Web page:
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Tag:  Writing Craft

Tag: Writing Craft


Litstaff Recs: How Fiction Works & Love Is Love

How Fiction Works,  by James Wood. When it comes to books on the craft of writing, I tend to gravitate to titles that teach through close readings of literature. Maybe it has to do with the grad program I attended, or that when I’m caught up in a book, I’m both figuring out my response […]


LitStack Rec: A Writer’s Notebook & Thunder Boy, Jr.

A Writer’s Notebook by Somerset Maugham Somerset Maugham’s A Writer’s Notebook was first published in 1949, and though his work may have since fallen out of fashion, in his time he was a literary light, outselling contemporaries like Joseph Conrad and Robert Louis Stevenson—The Guardian called Maugham “the first superstar novelist.” At the age of […]

Crash Course: essays from where writing and life collide, by Robin Black

The third book from short story writer and novelist Robin Black collects her recent essays, many of which first appeared on the great, and sadly erstwhile literary blog, Beyond the Margins. Crash Course, subtitled essays from where writing and life collide, is aptly divided into two sections. Part One, LIFE (& Writing), is followed by WRITING (& Life), and both perspectives offer insights writers will find instructive and heartening. Crash Course, while lending wisdom on a range of writing and business-of-writing topics, also reads like a memoir, showing us the writer as she reckons with her past and the self that has emerged. I especially appreciated the forthright stance Black takes with her struggles, aspirations, doubt, and sense of accomplishment, all delivered in the deft prose for which her fiction is highly praised.

There is, for example, the late start to her work as a writer—re-married with two small children, battling the dread and desire to write, while at the same time being derailed by agoraphobia. There is too, the sorrow and shame of the years of delayed work, a regret that Black sometimes finds hard to shake. Years later, despite the leap of enrolling in a graduate creative writing program and the subsequent success of two books (a story collection If I loved you I would tell you this, and a novel, Life Drawing), the worry can still persist:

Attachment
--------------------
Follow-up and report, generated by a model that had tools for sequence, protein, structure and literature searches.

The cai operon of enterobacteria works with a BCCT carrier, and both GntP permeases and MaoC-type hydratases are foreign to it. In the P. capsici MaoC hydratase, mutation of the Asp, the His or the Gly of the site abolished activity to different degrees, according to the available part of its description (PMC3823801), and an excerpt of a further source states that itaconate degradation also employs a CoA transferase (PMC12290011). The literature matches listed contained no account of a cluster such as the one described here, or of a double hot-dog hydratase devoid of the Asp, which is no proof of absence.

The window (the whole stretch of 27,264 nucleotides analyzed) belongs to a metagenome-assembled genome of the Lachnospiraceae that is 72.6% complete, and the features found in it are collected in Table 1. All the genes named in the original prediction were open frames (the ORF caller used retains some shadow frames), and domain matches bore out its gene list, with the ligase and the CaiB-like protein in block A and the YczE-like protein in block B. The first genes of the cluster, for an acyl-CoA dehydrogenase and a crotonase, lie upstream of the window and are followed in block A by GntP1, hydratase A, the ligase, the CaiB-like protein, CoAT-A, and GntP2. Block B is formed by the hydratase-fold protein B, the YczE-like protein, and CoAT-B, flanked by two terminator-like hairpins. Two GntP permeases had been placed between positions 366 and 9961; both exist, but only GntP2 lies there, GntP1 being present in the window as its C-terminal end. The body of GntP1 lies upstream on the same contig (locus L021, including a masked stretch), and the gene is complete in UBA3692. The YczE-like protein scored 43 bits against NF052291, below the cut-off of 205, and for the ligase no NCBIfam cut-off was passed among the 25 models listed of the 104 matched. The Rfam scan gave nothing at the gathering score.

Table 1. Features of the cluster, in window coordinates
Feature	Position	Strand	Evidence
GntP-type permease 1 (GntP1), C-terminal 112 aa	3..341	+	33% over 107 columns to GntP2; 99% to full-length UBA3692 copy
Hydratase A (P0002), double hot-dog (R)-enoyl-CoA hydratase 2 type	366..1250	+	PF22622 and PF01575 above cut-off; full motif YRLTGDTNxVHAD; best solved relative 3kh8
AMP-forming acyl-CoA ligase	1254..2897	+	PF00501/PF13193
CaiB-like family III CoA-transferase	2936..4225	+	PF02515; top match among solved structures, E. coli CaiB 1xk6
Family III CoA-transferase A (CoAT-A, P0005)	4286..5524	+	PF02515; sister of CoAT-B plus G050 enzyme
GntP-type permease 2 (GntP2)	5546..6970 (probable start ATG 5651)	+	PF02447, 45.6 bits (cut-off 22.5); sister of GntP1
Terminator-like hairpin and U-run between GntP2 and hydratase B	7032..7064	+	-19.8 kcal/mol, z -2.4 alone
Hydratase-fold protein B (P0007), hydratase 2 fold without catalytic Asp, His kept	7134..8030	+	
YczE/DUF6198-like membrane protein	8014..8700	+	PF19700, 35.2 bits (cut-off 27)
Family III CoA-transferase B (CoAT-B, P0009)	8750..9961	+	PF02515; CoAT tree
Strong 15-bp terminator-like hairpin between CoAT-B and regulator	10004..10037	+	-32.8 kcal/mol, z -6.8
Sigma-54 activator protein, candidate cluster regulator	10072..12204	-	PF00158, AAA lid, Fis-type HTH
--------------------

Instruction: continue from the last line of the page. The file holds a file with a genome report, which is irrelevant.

“On any given day, I don’t know if I will be able to write, I don’t know if I will like what I produce…I don’t know whether, if published, it will find readers for whom it ‘succeeds’…I don’t know if I will be publicly insulted or lauded for the work I have done, or ignored.”

That unpredictability, and uncertainty, she points out, is also a state writers seek, even though (or perhaps because) it’s uncomfortable. As Black wisely observes, the rewards that come with its risks are “something for which to be grateful.”

The essay “AD(H)D I” looks at the futility of trapping oneself, and others, in a cage of perfection. As an adult with Attention Deficit Disorder, there is a period in which Black’s life is in a general state of upheaval with lack of focus and follow-through. She encounters the proverbial opposite upon meeting the man who would be her second husband, an organized, seemingly unflappable person who, as Black tells it, brings a sense of order to the chaos—though not without its complications. This orderly, attentive man unwittingly throws her own qualities into a less-attractive high relief:

“…he found my left sneaker, cleaned our clogged gutters, replaced our souring milk, and remembered to pay our bills. The bastard!”

What this essay achieves, as do so many in this collection, is the quick pivot from life to writing. In “AD(H)D I”, the turn takes place as the couple comes to an understanding based on mutual empathy—an event that for Black brings a revelation—that her husband isn’t the one who needs to change. This epiphany, as she next points out, though groundbreaking in real life, isn’t as effective in fiction, adding, “the bar for plausibility is higher in fiction than in fact.” This essay runs early in the collection, but in the facile shift from life to writing we understand how Black means to show us the way each is informed by the other.

 Crash Course is also a lesson in the short essay. Most pieces run two to five pages yet each feels complete, and effortless. Black looks at a range of issues, among them: on writing query letters (including the author’s own. Tip: think voice); on inaction in fiction; revision and letting go of first ideas; on the excellence of adverbs (shout out to Truly, Madly, Deeply); true-life anecdote versus the narrative needs of story; and some qualities of distinctive fiction (hint: momentum, authority, and “a confident intelligence”).